I find myself constantly analyzing and re-analyzing the darn thing. Is it too long? Too short? Too wordy? Oversimplified? Too granular? Too vague? Should I have even attempted this?

I don't claim this conundrum is unique to me. It's one of the main reasons that many software projects are undocumented or under-documented. Because of this, a tool that helps you write clear, simple documentation, and saves you time doing it, is an invaluable find.

RAML is one of these fabulous creatures.

I was introduced to RAML by a colleague while working on an ASP.NET Web API project over the the last few months. What I like best about RAML is that it solves multiple documentation problems through the creation and maintenance of a single file:

  • You can design and modify your API collaboratively without writing / re-writing any code.
  • The syntax is simple and to-the-point, reducing time needed to properly describe the routes, actions and parameters.
  • This document serves as a team "contract" of sorts throughout the development process. Server-side developers, client-side / mobile developers, and testers - everyone - can see and agree on the intended behavior and content of your API requests and responses.
  • When the project is done, you're left with an excellent artifact to hand off and / or publish describing exactly how your API works.

Now that's what I call valuable documentation. To get started, all you really need to write a RAML doc is a text editor and access to the spec. However the team over at MuleSoft has developed a superb browser-based editor for RAML, complete with spec references and "intellisense" of sorts. Best of all - it's free to use. They've labeled it as "API Designer" on their site; here's a sample:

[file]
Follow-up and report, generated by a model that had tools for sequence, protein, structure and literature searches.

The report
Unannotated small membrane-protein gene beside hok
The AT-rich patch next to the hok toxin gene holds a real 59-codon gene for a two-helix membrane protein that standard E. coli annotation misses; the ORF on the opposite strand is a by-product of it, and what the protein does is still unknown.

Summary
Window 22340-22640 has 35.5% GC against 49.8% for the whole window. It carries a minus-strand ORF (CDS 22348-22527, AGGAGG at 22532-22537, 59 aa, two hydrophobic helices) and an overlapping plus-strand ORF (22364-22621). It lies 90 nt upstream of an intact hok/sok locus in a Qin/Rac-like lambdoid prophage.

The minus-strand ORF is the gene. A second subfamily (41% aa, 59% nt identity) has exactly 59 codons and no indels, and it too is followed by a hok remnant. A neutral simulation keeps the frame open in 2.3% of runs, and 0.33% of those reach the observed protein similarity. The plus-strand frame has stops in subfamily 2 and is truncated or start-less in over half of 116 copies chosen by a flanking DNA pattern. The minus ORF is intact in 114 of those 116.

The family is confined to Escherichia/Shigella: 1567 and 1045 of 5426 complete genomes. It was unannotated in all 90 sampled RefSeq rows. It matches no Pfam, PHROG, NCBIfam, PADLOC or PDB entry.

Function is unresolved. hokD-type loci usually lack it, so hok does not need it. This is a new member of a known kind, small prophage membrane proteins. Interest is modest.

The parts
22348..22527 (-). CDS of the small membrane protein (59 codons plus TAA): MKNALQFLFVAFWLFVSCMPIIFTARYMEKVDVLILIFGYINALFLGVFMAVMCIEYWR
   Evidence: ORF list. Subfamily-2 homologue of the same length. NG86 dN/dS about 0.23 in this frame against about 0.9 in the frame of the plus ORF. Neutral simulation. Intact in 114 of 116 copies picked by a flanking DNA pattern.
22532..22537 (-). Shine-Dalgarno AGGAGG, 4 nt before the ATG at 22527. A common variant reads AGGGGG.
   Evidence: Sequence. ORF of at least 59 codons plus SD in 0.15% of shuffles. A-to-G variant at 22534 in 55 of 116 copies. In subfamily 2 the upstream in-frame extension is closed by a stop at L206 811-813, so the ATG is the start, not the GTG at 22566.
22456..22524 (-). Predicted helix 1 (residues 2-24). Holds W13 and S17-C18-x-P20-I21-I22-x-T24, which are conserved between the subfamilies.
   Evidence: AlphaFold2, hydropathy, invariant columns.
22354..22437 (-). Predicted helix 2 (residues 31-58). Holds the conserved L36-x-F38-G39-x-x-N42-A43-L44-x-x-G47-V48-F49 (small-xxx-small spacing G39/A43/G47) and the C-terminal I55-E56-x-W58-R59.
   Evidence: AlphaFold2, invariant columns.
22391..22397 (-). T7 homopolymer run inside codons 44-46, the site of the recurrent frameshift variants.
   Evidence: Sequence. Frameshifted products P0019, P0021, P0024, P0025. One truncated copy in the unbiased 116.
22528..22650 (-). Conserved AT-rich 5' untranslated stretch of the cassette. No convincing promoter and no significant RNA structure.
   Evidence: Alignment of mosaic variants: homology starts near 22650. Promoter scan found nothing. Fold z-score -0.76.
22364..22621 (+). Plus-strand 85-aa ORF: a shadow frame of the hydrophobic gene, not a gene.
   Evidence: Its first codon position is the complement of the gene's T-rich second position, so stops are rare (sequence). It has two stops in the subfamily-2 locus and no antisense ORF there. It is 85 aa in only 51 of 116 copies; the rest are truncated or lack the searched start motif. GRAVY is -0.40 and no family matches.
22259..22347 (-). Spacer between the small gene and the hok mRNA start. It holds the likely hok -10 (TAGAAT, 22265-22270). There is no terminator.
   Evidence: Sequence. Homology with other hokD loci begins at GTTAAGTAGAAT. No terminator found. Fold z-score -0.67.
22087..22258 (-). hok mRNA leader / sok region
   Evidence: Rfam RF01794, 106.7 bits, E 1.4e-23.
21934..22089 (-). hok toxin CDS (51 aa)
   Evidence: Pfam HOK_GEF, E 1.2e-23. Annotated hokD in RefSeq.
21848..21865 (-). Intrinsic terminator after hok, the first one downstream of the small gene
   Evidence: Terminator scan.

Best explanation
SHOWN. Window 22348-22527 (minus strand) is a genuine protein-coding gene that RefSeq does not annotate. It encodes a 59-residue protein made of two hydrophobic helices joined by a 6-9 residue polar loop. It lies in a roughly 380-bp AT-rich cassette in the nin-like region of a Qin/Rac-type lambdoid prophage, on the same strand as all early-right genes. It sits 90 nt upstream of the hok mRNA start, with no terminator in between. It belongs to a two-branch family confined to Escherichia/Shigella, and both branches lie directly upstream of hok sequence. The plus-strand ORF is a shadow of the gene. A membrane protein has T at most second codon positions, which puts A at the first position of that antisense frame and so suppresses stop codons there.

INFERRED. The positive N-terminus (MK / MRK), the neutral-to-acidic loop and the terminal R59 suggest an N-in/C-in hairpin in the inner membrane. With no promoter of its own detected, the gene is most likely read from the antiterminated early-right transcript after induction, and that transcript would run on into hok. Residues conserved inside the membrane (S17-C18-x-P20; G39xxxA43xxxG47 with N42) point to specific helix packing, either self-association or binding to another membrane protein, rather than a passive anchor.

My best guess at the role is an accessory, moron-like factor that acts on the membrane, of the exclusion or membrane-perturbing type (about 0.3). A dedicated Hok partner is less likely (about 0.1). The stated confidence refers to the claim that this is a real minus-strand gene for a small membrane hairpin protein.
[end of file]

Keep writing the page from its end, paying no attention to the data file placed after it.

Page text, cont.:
I used it for the project I mentioned above; I found it to be far quicker than writing a text-only version. Being able to click on and view the routes on the right side of the screen was also a really handy feature during various design and testing discussions. I found the API Designer to be a solid tool, and highly recommend it.

So the next time you kick off a REST API project, *start* with the documentation - and write some RAML.

Saturday, April 26, 2014

Agile - principles make the processes work

Over the past month or so, I've seen a number of articles pop up announcing the "corruption" and "failure" of Agile. Here are a couple that specifically caught my eye:

Some thoughts from Mike Hadlow detailing "Why Agile has failed":
"Agile has indeed become a cargo cult. Stripped of actual software engineering practices and conducted by ‘agile practitioners’ with no understanding of software engineering, it merely becomes a set of meaningless rituals that are mostly impediments and distractions to creating successful software ... If your role is simply asking for estimates and enforcing the agile rituals: stand-ups, fortnightly sprints, retrospectives; then you are an impediment rather than an asset to delivery ... the word ‘agile’ has become so abused, that we should stop using it."
Additional thoughts from Magdy Hanna taking "A close look at the Agile Manifesto after 13 years":
"Recently, I was asked in an interview whether I believed that the Agile Manifesto is a good starting point for people who are new to agile. I found myself saying that I hope our young software engineers do not see the Manifesto! ... it ended up with a proliferation of systems that have no documentation and are totally unmaintainable ... This is exactly what has given management the excuse to push releases to production even with minimal documentation, minimal levels of discipline, and no repeatable processes being followed ... Let’s be very careful before we decide to adopt these practices."

Some pretty serious charges being leveled against those of us (including yours truly) who consider ourselves to be "Agile practitioners". As a member of this group, please allow me to respond:

I agree with you all. You're right. Well, partly right at least.

"Bad Agile", as these people seem to have experienced, is just that - bad. Hadlow rightly states, "it merely becomes a set of meaningless rituals that are mostly impediments and distractions". So what happened in these situations the authors describe? Why is it that some shops and teams have superb success with an Agile approach and others don't?

The truth is, it has nothing to do with the processes you use. To succeed with Agile, you must consistently apply the principles to your work.